This was soon followed by the brutal and ironic "The Future," then the poignant and lovely "Ain't No Cure For Love." The audience showed sincere reverence for Cohen, laughing wholeheartedly at his many jokes, while maintaining a respectful silence through the quieter numbers while listening to each word: "Famous Blue Raincoat," "Suzanne," "A Thousand Kisses Deep," "Gypsy Wife," "Chelsea Hotel," "Sisters of Mercy," "Hey, That's No Way to Say Goodbye." On the other hand, Cohen quickly felt at home with this audience, sharing a mutual feeling of old friends meeting again after years of separation, even though it was the first time he has played here. There was a special spiritual generosity on part of the audience which in a way melted the distance between him and them. It was some kind of a personal embrace and appreciation. His gentle humor was infectious throughout and in full evidence. He admitted that "It's been a long time since he last played live, 15 years, a time when he was "just a kid" with a dream.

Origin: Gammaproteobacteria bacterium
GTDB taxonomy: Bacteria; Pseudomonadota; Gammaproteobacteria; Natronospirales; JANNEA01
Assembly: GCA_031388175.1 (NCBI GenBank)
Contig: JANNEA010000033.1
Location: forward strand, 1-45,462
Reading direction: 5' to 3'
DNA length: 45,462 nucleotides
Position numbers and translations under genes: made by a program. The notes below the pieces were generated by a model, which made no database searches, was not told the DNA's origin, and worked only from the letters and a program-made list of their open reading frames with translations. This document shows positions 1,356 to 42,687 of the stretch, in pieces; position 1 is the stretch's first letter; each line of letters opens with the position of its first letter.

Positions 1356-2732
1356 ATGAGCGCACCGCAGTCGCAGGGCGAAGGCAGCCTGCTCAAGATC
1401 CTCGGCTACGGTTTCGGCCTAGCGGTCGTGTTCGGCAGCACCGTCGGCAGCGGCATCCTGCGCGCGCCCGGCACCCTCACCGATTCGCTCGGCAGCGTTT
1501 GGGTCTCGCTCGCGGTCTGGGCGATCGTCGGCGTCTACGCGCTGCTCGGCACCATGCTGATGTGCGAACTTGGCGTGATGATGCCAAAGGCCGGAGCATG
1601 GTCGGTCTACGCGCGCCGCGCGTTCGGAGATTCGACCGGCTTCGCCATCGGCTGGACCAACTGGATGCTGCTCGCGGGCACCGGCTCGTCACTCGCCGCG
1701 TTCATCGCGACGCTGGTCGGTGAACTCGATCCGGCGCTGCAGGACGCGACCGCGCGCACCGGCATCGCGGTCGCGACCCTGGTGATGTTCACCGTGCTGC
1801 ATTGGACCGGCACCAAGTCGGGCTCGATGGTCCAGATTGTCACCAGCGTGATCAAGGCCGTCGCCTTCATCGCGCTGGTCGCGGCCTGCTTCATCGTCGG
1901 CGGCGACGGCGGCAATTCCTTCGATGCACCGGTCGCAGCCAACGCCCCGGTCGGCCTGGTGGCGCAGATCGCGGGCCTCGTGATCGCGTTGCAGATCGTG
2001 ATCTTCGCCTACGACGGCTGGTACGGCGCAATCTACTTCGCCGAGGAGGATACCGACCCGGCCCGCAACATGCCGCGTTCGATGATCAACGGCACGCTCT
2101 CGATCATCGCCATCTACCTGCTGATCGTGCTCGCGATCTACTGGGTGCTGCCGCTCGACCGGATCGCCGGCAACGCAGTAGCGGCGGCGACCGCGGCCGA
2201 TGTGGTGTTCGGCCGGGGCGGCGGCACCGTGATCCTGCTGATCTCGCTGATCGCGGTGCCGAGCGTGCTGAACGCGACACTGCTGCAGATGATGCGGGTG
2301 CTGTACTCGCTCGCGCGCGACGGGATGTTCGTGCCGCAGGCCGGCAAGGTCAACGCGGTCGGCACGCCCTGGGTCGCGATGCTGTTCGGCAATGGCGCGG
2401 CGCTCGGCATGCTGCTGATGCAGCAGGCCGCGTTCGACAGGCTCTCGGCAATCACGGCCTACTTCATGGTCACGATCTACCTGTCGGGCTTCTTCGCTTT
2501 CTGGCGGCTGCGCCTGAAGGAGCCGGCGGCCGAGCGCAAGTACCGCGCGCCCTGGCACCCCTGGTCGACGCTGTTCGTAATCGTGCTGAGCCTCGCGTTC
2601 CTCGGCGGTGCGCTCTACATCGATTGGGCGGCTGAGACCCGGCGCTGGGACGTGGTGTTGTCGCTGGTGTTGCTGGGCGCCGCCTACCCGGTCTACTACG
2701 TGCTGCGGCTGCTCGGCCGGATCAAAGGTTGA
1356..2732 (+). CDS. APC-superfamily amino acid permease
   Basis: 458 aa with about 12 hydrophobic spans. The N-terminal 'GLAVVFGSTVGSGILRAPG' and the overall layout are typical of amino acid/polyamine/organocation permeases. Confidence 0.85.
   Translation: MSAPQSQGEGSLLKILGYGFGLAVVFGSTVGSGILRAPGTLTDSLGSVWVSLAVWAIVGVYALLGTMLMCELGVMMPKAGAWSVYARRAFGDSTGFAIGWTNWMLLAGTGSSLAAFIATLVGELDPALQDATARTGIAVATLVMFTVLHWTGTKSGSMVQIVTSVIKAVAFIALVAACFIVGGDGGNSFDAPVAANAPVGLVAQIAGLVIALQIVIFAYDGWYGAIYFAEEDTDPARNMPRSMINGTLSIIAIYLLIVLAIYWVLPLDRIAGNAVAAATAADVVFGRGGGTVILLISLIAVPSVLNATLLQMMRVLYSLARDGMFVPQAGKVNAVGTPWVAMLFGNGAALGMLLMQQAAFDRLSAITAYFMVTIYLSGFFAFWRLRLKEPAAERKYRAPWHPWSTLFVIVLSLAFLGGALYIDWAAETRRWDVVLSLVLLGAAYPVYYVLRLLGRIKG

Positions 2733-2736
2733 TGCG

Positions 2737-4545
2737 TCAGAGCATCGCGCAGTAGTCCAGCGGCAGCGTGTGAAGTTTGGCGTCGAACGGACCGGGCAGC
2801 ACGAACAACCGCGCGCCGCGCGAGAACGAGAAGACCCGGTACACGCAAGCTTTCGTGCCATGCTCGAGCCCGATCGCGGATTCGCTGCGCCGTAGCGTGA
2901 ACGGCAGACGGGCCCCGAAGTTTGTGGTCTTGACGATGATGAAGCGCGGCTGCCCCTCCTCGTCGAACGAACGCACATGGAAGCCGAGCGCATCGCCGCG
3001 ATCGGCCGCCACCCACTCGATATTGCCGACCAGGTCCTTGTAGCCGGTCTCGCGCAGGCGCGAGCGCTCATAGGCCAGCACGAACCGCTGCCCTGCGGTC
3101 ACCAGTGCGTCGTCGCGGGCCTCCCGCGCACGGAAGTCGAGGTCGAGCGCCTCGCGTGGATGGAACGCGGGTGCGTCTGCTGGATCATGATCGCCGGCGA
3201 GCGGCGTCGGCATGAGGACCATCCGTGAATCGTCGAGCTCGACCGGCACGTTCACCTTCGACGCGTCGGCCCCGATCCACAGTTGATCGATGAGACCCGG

That sense was evident even in his generous relationship with the band, as he never hesitated to acknowledge their contributions where it was due. Led by bassist and musical director Roscoe Beck, this nine-piece band consisting of brilliant musicians who were more than able to bring out the best of these songs that sound deceptively simple and frugal. Their playing was flawless. Whenever some of them soloed, Cohen would take off his hat and stand enraptured. He generously shared the spotlight with them, especially with his backing vocals (and muses), the Webb sisters, who had a solo spotlight with "If it be Your Will" and Sharon Robinson, Cohen's long time collaborator and co-writer of some of his most famous songs: "In my Secret Life," "Everybody Knows," and one for which she took the lead vocal, "Boogie Street."